Monday, February 12, 2007


Paczki are Polish doughnuts, usually eaten on Fat Tuesday. (The true Polish custom is to eat them the Thursday before lent, but due to Mardi Gras, it has become common to eat them on Fat Tuesday). There are different pronounciations, but we pronounce them "punch-key".

Lent used to have very strict fasting regulations and was truly a time of sacrifice . During the time when no faithful Catholic would think of eating eggs, fat, sugar, or meat during lent, frugal cooks began making Paczki to use up these ingredients so they would not spoil during the season of penitence and fasting.

This particular Paczki is filled with lemon and topped with powdered sugar.

Notice that there is no hole in a Paczki.

This past weekend we attended a Mardi Gras event. After draping my neck in a pair of battery-powered light up beads, I partook of this wickedly delicious indulgence. The custom is to satiate one's desire for sweets prior to the 40-day fast. To make very certain that my desire was sated, I thought it only appropriate to indulge in a second Paczki (the second was apple filled, and topped with cinnamon).

That did the trick. :)


  1. Zoey,
    Those look just yummy! I posted a recipe for lemon bars on Sunday that has a similar looking filling. This looks almost like a lemon filled donut?

  2. Oh gosh that looks good!! No wonder you had two of them, I would have too! lol I asked my husband about these, since he's Polish but he'd never heard of them...but then, as he said, they never really followed the Polish traditions after he was born! lol

  3. A doughnut is a doughnut, even with a funny name like Paczki and we all love them! (I think). I like jelly donuts with the stuff that looks like overdyed strawberries.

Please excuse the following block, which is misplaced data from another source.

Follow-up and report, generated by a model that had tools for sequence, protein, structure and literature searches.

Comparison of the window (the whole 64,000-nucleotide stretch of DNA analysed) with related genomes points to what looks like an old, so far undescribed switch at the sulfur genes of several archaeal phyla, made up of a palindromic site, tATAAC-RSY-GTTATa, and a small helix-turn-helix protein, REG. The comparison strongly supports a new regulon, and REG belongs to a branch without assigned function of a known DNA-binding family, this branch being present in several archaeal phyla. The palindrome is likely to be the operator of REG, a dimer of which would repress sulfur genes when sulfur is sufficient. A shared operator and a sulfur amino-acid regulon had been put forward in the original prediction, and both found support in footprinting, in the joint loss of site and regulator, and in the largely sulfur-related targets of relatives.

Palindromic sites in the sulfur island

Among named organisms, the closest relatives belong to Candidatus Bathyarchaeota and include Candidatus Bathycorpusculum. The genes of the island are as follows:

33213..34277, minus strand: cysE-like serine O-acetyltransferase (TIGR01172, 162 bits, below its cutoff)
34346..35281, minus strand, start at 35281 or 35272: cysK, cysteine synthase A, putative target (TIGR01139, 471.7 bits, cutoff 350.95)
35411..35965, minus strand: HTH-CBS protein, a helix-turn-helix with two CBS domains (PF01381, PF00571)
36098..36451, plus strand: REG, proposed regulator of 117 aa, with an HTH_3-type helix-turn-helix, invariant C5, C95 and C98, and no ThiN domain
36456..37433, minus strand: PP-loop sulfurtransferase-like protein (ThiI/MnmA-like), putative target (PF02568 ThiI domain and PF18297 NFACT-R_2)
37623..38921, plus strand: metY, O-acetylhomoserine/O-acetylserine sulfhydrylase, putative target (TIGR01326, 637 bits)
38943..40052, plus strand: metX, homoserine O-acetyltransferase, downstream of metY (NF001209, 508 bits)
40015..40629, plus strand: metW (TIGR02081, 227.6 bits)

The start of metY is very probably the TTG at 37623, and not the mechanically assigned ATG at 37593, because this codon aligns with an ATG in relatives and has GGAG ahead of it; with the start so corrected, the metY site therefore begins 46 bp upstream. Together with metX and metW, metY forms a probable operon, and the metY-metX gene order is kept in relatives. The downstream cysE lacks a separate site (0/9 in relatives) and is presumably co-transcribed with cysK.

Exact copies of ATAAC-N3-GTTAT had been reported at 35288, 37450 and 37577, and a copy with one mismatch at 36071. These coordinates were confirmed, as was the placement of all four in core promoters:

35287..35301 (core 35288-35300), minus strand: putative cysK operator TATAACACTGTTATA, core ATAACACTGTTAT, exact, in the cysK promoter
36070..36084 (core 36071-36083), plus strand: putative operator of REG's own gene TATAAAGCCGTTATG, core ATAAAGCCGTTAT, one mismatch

Lent is hard, but I've come up with original meatless meals for Fridays-mostly pizza! ; )

  4. Susie, that is pretty much what it is. . .

    Pea, My hubby is Polish, too (I'm not).

    Dianne, I am big on Mrs. Gordon's Fish Fillets for lent. :)

  5. Right before Lent begins these appear in Chicago, too. It seems to me they were filled with raspberry rather than lemon, but it's been quite a while since I was there in Paczki season.

    I don't think Central Texas has much Polish food - this area has a pretty big Czech population & traditions like kolaches.

    I'm neither Polish nor Czech, but when it comes to bakery - am quite international in outlook!

    Annie at the Transplantable Rose

  6. Man that looks good! So does the soup!

  7. I am looking for an old-fashioned kolache recipe. When our family was just getting started, we lived in a city apartment in a residential district. The lady across the street gave us some of her kolaches for Christmas. She was of the old school and when I asked her for the recipe, she said she did it by looks and feel and never measured ingredients. Of course they were the best kolaches I ever had, and she never offered to teach me. Years later someone did give me a recipe, but it called for cream cheese in the dough, which I feel sure was an American interpolation.

    Does anyone have great-grandmother's recipe?

  8. My German grandmother used to make "Fastnachts", which were pretty much the same thing. She would fill them with cherry preserves which she had made the previous summer. Oh YUM! The memories come flooding back. "-)


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